Choppy Gameplay but High FPS – What to Do?
Your frame rate can be high, graphics good, and computer fast, but for some reason, your games seem to stutter and are choppy for no apparent reason. In some cases, it might not matter what game you play, the stutter appears every time.
Video games’ choppy/stutter behavior can be influenced by defective hardware, improperly set settings, and missing driver updates. This guide will help you troubleshoot choppy and stuttering graphics for Windows 10.
Gaming PCs are often upgraded, and incompatible hardware can cause strange issues (such as our famous choppiness and game stuttering issues). Make sure your hardware is correct first. No amount of software troubleshooting is going to fix a hardware problem.
RAM (Random Access Memory) is used to temporarily load files on to the memory. Insufficient RAM may hang up your hardware resources and cause choppiness or stuttering. Most systems contain at least one stick of 8GB RAM. RAM tends to be the easiest hardware component to upgrade.
Ideally, two sticks of RAM, which would total 16GB, should be enough to run most games and reduce the choppiness and screen stutter. Two sticks double your memory bandwidth and increase the transmission rate of files. Be sure to buy the same version of memory RAM for maximum compatibility.
The PSU (Power Supply Unit) is used to power your computer components, such as your graphics card and CPU, and improper voltage may cause gameplay stutter and choppiness.
Power supply units are sold with maximum and sustained voltage levels. The power supply maximum power rating (in watts) does not always correspond to the power supply’s ability to deliver it as continuous power. Make sure your card is getting enough power by purchasing a compatible power supply.
In any game, you should be meeting the minimum hardware requirements for both the graphics card and CPU. A graphics card GPU (Graphics Processing Unit) can sometimes fail, creating frame time glitches and tearing. As for the CPU, an underpowered computer might not have enough processing power to run the background and game.
Make sure your graphics card meets the minimum system requirements or consider upgrading. Also, keep in mind, graphics cards with multiple GPU’s may inherently create choppiness, as the GPUs must also sync together. It’s always best to run games with a single, stronger GPU.
VSYNC (Vertical Sync) synchronizes the graphics card with the monitor, and improperly set VSYNC settings can wreak havoc on the smoothness of your gameplay. Modern monitors refresh at 60HZ frequencies (or higher) and your graphics card must draw graphics at that same rate or choppiness and stuttering will run abound.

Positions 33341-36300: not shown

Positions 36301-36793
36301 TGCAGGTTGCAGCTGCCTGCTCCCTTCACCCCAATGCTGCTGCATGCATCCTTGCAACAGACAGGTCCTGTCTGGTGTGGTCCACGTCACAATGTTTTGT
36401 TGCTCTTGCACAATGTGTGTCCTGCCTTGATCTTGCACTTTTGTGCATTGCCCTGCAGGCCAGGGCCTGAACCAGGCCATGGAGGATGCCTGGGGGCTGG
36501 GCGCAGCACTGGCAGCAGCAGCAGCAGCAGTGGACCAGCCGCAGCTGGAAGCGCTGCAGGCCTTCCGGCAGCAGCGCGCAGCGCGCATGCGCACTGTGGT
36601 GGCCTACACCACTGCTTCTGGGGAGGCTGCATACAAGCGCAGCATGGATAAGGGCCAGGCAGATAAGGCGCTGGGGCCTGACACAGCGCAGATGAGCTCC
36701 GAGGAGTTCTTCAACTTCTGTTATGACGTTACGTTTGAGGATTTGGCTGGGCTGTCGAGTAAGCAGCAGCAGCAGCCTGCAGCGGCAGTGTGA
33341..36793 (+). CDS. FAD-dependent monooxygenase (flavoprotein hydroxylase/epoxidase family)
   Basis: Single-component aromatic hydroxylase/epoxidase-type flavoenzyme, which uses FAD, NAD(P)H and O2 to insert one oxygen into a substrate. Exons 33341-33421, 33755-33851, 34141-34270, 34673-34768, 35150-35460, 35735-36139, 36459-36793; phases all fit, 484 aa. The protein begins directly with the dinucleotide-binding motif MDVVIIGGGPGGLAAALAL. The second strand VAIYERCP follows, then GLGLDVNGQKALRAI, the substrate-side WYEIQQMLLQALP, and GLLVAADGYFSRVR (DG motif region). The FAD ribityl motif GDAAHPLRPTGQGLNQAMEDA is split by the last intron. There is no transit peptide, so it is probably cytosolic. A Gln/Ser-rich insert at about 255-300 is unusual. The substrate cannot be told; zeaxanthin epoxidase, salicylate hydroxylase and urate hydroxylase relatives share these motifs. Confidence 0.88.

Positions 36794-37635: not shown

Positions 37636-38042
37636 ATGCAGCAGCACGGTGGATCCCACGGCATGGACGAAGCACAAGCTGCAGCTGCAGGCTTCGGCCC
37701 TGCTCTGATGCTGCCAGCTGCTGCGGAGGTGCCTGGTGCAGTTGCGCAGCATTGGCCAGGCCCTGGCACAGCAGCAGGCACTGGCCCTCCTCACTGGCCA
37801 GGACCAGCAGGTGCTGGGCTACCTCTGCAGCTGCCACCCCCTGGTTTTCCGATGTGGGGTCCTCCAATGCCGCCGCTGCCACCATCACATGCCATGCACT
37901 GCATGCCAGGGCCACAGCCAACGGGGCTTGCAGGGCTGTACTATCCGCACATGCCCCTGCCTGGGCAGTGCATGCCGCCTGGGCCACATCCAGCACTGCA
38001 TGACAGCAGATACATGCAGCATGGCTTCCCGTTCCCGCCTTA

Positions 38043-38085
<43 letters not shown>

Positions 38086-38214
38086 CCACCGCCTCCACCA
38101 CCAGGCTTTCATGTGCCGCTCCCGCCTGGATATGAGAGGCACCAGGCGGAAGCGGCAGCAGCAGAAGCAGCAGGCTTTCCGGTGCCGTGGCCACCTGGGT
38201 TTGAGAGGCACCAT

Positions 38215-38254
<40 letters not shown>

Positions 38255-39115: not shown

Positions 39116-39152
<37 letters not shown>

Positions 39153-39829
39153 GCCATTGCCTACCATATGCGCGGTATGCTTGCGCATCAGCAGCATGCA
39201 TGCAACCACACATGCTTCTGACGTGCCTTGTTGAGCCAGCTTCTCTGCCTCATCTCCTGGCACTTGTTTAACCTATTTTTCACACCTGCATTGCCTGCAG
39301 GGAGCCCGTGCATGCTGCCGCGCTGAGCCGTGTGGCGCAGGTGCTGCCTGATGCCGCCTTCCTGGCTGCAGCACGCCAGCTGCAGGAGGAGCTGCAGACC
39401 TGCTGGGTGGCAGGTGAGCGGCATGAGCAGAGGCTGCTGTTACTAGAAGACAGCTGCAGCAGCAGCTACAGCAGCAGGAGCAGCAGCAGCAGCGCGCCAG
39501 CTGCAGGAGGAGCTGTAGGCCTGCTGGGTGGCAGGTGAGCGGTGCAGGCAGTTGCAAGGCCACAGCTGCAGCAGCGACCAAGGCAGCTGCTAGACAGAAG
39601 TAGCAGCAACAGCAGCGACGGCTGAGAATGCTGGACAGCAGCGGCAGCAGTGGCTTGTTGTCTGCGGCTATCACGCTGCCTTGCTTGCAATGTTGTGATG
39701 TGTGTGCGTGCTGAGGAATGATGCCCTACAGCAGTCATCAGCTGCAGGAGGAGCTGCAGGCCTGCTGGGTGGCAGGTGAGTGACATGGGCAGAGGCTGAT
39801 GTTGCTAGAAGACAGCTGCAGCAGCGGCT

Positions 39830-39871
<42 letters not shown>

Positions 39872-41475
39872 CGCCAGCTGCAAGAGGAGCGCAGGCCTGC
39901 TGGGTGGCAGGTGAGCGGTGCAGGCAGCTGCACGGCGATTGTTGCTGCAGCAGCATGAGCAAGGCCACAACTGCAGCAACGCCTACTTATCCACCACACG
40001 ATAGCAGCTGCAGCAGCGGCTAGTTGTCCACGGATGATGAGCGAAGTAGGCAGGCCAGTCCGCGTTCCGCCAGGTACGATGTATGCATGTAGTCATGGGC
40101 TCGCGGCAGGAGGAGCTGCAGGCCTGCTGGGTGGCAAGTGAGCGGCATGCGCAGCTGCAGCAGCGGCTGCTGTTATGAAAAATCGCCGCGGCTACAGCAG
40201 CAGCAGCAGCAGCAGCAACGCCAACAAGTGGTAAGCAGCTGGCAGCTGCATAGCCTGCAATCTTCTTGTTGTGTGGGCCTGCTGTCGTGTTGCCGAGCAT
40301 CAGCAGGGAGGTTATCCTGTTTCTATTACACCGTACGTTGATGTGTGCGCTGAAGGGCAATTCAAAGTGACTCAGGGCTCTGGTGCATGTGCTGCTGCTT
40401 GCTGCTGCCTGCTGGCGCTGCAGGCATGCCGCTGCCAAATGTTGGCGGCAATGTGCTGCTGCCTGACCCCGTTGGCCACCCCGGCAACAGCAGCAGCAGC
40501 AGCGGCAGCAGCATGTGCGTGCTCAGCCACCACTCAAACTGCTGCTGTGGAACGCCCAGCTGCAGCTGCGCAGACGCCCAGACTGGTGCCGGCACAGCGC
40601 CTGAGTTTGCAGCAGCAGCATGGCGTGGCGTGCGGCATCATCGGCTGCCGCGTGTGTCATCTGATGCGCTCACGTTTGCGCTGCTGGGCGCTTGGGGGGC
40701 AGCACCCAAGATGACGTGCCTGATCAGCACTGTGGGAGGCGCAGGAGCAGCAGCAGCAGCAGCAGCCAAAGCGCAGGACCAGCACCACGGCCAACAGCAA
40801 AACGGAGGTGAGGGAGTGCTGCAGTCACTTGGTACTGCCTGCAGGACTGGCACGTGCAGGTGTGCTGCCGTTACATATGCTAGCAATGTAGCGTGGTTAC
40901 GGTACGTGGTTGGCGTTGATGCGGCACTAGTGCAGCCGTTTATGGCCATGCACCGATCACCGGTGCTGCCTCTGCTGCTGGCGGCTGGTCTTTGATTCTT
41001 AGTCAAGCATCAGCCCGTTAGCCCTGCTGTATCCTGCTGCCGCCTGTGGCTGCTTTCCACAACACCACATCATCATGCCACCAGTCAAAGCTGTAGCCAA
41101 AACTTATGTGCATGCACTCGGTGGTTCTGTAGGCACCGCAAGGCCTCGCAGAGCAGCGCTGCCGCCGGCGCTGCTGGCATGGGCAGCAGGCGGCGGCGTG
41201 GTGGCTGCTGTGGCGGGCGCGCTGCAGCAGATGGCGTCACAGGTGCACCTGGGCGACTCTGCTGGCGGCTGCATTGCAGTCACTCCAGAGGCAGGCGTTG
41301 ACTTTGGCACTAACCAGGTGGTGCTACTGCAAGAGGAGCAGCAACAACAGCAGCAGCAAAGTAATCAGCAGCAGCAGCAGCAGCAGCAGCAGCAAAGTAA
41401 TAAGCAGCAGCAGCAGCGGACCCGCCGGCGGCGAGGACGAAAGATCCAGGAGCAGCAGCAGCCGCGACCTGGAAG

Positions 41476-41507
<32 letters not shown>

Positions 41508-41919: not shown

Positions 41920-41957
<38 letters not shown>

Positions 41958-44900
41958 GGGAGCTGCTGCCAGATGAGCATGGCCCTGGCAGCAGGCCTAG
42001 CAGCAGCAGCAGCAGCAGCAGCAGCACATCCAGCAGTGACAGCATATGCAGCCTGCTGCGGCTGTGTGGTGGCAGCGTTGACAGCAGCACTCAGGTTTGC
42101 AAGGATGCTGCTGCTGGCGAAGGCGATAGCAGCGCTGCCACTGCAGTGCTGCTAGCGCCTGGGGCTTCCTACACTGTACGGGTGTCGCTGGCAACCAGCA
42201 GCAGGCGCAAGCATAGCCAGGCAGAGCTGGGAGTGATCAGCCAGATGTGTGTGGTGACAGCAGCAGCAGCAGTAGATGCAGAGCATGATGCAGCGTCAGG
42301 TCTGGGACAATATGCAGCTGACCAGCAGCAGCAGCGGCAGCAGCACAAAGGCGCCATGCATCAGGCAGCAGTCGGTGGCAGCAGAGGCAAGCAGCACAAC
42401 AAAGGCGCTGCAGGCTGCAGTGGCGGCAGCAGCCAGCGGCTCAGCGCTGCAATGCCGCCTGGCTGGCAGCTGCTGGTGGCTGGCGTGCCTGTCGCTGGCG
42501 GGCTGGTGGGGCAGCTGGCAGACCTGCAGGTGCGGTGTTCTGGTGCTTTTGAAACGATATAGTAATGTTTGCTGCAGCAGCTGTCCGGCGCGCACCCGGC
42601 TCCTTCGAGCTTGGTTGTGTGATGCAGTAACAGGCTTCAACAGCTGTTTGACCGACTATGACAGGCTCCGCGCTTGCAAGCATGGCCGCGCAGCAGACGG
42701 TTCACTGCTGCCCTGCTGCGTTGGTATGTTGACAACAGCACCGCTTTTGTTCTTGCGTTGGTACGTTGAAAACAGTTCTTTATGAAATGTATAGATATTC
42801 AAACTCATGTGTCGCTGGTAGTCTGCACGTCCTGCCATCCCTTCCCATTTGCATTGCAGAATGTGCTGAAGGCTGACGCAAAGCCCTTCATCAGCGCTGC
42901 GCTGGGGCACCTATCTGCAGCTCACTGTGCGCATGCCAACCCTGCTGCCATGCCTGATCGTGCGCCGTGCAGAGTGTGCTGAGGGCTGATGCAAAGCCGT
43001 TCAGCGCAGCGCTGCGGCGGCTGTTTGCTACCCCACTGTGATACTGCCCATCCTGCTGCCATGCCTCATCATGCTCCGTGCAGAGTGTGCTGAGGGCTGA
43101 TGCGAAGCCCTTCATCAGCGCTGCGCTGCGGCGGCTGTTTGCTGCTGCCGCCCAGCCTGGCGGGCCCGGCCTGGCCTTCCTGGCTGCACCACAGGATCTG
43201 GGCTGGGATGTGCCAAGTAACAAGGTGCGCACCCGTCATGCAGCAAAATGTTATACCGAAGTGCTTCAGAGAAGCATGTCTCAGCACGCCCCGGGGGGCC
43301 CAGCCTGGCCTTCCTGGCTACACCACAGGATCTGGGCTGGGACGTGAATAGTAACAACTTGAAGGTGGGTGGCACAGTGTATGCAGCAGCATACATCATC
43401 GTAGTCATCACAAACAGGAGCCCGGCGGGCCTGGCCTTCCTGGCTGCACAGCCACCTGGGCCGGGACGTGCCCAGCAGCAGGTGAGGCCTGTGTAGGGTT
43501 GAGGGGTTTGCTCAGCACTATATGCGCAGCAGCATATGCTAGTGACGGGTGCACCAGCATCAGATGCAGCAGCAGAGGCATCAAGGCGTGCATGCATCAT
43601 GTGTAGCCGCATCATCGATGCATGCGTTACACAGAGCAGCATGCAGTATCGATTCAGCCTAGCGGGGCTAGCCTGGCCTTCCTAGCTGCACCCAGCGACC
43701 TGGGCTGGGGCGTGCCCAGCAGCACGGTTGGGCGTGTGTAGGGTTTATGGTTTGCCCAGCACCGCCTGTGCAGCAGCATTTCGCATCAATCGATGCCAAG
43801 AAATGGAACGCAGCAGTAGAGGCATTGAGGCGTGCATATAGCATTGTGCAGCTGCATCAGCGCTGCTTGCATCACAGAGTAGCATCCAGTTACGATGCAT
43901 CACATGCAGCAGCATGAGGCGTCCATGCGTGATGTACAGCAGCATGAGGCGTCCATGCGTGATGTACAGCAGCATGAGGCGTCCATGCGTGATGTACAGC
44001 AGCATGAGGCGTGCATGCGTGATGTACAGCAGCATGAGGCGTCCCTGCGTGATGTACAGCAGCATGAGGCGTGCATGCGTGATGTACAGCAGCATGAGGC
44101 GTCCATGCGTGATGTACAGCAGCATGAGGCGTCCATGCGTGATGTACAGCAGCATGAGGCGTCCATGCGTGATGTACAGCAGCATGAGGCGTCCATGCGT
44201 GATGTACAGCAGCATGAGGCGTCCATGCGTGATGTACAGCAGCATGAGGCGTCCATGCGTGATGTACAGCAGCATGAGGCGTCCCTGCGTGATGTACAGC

If your video card has a refresh rate far beyond the monitor’s, you might consider upgrading your monitor so its frame rate can match your video card. Otherwise, go to your graphics card settings and turn your VSYNC on which may be called Fast Sync, Enhanced Sync, or Adaptive Sync.
If VSYNC did not solve the stutter issue, you might consider reinstalling your drivers. Your graphics card driver includes a set of instructions used by the operating system to help it communicate with the card. The instructions essentially “drive” it.
Drivers may get corrupted when a program erases or writes onto the driver or if a program alters the driver registry files. Regardless of the cause, a total uninstall will completely wipe the driver off your system, so a fresh copy can be installed.
Windows contains basic drivers, so your driver should automatically install your graphics drivers after a reboot. If not, no worries, we will cover driver updates/installs in the next section. First, uninstall drivers this way:
- At the Start menu, search for Device Manager
- Expand the Display adapters driver tab
- Right-click your video card and select Uninstall
- Go to Start and Restart your system
If reinstalling drivers did not work, you might consider updating your drivers. System updates may render your current driver unusable, so It’s important to check for driver updates.
Windows has a utility that can upgrade your drivers, but it is not always reliable. Find the most recent drivers with a driver update tool. Use Windows as a second option:
- From the Start search bar search for Device Manager
- Scroll through the menu items, select Display adapters
- Right-Click your video card and select Update Driver.
- Search automatically for updated driver software and follow the directions.
If updated drivers did not work, it might be best to rollback windows. Unknown programs may be interfering with your hardware configuration, and Windows creates easy to use restore points. Here is how to rollback Windows:
- From the Start menu, type Control Panel
- Select System and Security
- Select Security and Maintenance
- Click Recovery
- Open System Restore
- Click Next
- Choose a System Restore point, click Next, and follow the instruction
The BIOS is the basic input/output system that controls the flow of information between your computer and devices. BIOS updates can occasionally fix computer issues but better do it as the last resort. Improperly updating your BIOS can permanently damage the boot process and your computer may never turn on. For determining if it’s a BIOS issue, it’s best to go through your computer manufacturer site to see if any tools can check and update your BIOS for you.
Choppy gameplay at high FPS can be confusing to most. If your hardware is working correctly, your graphics settings might need tweaking. It never hurts to upgrade your system and software, which may become outdated with time.
Driver updates are time-consuming and problematic. Windows does not always update correctly, which may force you to spend hours tracking down the right fix. Trust Driver Support for Automatic Driver Updates. Play your game smoothly with peace of mind and use your video card the way it was meant to be.